Among the many levels of official government support within Japan, the national Special Historic Site category includes numerous possible criteria paving the way towards recognition. One of these refers to fortified town and castle ruins and it is with this in mind that Tokyo's lone representative finds its way onto the national Special Historic Site listing. Here is a simple guide to where in Tokyo the nationally designated Special Historic Site can be found.
Remains of Edo Castle
Once recognised as a National Historic Site, the Remains of Edo Castle were upgraded a few years later in 1963 to National Special Historic Site status. Playing a pivotal role within the history of Tokyo, to say nothing of the Japanese nation, Edo Castle was completed in 1636 during the reign of the third Edo Period shogun, Tokugawa Iemitsu. To this day, it remains one of the most popular places to visit within the city.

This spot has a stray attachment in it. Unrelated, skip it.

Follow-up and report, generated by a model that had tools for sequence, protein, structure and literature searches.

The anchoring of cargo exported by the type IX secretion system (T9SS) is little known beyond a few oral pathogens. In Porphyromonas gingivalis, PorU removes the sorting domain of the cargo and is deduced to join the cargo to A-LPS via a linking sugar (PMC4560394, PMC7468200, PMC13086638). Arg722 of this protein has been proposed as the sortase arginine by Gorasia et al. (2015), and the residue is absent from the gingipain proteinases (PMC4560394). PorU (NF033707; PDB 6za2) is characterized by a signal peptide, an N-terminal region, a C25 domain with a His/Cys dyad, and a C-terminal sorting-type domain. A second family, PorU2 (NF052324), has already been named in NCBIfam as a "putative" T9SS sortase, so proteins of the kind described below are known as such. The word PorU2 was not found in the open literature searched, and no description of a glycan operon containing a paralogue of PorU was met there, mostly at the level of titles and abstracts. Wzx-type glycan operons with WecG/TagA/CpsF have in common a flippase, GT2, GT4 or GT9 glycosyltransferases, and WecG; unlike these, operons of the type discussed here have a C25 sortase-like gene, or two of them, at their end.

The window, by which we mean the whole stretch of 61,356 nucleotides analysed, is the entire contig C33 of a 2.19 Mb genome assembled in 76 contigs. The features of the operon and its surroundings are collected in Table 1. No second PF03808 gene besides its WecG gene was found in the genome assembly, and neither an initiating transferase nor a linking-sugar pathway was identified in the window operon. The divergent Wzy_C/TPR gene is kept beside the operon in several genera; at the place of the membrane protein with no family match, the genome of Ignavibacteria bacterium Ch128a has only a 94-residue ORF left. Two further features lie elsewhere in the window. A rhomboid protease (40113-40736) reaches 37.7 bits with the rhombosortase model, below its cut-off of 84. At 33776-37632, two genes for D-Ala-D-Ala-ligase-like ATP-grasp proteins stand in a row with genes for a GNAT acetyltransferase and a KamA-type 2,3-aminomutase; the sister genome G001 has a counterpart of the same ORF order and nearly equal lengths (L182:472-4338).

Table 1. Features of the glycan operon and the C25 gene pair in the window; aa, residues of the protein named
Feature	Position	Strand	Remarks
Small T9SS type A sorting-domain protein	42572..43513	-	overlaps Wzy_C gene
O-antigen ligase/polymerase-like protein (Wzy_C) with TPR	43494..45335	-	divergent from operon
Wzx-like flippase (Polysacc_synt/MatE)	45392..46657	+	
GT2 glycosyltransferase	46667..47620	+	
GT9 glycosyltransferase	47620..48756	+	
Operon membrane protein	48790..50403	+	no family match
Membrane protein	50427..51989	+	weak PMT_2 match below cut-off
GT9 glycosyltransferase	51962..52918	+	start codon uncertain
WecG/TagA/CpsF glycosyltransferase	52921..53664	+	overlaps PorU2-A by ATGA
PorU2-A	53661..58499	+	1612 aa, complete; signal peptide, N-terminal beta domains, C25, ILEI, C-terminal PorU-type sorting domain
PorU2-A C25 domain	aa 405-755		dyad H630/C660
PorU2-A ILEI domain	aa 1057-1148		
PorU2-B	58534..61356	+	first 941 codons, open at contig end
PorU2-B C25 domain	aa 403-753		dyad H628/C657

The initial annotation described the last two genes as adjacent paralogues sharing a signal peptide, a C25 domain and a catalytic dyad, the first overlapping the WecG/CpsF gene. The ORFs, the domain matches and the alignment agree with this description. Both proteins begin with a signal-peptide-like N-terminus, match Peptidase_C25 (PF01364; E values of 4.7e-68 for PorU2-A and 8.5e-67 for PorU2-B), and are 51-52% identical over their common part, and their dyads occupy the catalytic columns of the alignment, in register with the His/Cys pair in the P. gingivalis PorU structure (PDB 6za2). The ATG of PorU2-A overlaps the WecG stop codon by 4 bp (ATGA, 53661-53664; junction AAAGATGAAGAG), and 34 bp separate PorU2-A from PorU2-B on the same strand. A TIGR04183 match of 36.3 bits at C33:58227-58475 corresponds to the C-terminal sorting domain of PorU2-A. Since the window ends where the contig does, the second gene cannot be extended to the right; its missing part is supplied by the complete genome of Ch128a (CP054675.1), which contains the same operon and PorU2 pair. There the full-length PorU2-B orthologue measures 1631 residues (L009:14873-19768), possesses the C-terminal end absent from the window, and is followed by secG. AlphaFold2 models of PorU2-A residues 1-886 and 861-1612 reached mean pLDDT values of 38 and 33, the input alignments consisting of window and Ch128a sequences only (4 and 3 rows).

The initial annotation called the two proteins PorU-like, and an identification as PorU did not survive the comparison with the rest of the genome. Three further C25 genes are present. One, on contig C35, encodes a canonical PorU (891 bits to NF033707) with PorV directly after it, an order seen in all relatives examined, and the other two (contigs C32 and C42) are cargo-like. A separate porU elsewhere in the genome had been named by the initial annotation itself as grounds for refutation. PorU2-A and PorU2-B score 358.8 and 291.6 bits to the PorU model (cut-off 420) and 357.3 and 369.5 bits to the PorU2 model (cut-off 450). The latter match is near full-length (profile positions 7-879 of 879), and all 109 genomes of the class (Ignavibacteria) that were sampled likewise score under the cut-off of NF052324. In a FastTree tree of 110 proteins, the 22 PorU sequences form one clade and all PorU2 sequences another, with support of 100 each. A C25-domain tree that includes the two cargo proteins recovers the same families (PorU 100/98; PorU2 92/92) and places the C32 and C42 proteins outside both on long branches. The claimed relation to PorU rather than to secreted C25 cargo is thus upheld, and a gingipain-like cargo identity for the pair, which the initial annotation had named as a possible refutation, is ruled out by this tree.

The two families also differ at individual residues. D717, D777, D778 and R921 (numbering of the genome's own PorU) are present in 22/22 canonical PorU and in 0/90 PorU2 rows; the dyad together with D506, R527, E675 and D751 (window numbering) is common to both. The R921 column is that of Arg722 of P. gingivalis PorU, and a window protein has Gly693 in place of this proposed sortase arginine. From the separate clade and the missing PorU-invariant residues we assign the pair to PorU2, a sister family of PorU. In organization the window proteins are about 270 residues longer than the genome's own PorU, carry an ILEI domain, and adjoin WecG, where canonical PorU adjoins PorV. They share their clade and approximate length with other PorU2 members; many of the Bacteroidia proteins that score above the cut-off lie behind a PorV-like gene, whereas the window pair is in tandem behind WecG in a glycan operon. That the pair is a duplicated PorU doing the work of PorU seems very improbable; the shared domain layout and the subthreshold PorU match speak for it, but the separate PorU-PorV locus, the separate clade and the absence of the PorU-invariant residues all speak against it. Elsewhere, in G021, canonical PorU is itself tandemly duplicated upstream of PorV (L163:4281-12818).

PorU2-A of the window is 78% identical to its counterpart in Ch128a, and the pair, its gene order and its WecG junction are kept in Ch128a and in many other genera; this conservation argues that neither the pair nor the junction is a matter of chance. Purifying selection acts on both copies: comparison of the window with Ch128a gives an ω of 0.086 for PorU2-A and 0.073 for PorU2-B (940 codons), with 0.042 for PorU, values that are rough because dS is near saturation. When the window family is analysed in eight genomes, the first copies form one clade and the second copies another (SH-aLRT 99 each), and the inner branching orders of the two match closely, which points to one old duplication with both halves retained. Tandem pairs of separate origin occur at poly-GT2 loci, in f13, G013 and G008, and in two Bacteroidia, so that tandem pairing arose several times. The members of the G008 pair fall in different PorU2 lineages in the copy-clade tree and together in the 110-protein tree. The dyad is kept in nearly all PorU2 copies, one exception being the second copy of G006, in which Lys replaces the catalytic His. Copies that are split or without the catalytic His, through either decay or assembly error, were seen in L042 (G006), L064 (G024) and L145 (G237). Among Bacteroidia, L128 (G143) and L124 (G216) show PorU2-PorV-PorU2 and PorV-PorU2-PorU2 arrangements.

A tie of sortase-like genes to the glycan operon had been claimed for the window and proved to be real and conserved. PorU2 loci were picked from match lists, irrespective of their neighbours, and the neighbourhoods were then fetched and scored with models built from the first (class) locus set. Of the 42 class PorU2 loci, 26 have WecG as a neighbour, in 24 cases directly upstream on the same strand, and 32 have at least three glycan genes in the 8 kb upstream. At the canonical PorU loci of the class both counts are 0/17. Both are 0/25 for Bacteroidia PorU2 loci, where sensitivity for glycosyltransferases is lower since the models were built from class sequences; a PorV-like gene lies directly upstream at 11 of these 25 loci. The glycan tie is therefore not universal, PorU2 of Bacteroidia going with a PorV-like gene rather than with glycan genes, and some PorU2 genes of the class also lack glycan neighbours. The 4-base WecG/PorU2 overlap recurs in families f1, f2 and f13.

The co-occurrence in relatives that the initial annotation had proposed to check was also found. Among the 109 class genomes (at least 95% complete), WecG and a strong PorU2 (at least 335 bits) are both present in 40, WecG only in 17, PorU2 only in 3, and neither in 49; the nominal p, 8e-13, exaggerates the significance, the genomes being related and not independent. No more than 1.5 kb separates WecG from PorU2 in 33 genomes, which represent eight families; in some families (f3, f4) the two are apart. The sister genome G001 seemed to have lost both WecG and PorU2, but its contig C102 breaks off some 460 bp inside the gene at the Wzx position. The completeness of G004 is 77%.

The castle experienced some challenging times. Fire destroyed a good portion of it in the late 19th century, while the bombings of World War II finished off much of what was left. The castle also saw the overthrow of the Tokugawa shogunate in 1868 and would eventually become the official residence of the Emperor. Built over the site of the original Edo Castle, this residence is now known as the Imperial Palace.
What remains of Edo Castle now stand as a tantalising reminder of feudal Japan's greatest symbol of political power and authority. The ground's East Garden, accessible to visitors, features the foundations of what was once the tallest castle tower in Japan while the moat walls, entrance gates and guardhouses also add to the impressive power and reach of the Tokugawa Shogunate.
Location: 1-1 Chiyoda, Chiyoda-ku, Tokyo 〒 100-8111 (nearest station: Otemachi Station, Chiyoda Line)